WhatsFresh_Potatoes_7-5.jpgFor most people growing up there was little by the way of choice when it came to potatoes. Sure….out at a restaurant you might get your choice of fried, baked or mashed, but for cooking at home most folks knew only of the Idaho russet. Sometimes there was a choice of red potatoes also, but their low starch count limited their appearances to potato salads. Those lucky enough to live near Maine or California may have also seen small white potatoes labeled “new” in the supermarkets.

Strangely enough this variety of potato named “new” does not appear anywhere on this comprehensive list of potato varieties. Turns out the “new” designation has nothing to do with type, but is variety agnostic and instead is meant to confer youthful status onto whatever potato happens to be in the bin - sometimes this term also refers to potatoes that have not cured for a few weeks after their green tops have dies or been mowed over.

Here in the Northeast, this new crop of potatoes is available now in both your local farmers markets and at upscale grocery stores. At the stores, be sure to double check that they are in fact from this season.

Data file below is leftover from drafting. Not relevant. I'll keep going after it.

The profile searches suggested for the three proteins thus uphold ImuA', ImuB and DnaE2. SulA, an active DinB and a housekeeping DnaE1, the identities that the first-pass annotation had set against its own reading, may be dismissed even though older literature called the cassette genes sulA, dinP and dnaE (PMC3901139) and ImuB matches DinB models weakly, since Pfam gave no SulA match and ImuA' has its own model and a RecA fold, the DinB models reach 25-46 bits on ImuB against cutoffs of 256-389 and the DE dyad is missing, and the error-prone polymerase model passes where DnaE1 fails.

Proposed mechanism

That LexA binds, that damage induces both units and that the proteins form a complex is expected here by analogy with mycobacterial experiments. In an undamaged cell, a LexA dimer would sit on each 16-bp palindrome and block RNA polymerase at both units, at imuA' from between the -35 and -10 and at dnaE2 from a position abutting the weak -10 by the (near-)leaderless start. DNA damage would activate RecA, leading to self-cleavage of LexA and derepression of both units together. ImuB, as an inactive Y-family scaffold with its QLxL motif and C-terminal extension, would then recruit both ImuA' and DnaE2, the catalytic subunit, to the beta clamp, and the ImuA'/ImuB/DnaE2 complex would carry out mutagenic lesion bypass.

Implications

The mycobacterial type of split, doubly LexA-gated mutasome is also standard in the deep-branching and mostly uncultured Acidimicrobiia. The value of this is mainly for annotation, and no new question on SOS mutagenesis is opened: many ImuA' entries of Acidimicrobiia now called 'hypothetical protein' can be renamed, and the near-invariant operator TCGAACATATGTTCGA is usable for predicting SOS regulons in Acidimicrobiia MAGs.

Some basic potato categories, varieties, and applications:

Starchy – Russet, Idaho – fluffy mashed, baked, oven steak fries
Waxy – Red, many Fingerlings (La Ratte, Ruby Crescent) – potato salad, gratins, boiled, roast
In between – Yukon Gold, Yellow Finn – fuller flavored mashed, hash browns, fries, roast

The only tools you need to cook potatoes are a knife and/or a food mill/ricer for mashed dishes.

Here is some good reading for those seeking the ultimate mashed potatoes.

Hash Browned Potatoes

1 pound potatoes, washed and cut into ¼ inch cube
1 ½ tablespoons butter
1 tablespoon sea salt
½ teaspoon black pepper
½ small-medium onion, very finely chopped
1 garlic clove, very finely chopped
½ teaspoon ground cumin
¼ teaspoon ground celery seed
½ teaspoon chile powder

Sauté potatoes in a cast iron skillet in 1 tablespoon butter, sea salt and black pepper for 2 minutes over high heat. Cover and turn heat down to medium and cook for 20 minutes stirring occasionally until almost tender. Remove cover and cook over medium high heat until the potatoes are brown all over. When very tender and brown push to one side, then add remaining ½ tablespoon butter. Add onion, cook for 2 minutes, then add garlic and spices. Cook one minute without burning garlic and then stir all ingredients in the pan together. Serve with fried eggs and bacon, seared scallops or a quick cooked steak.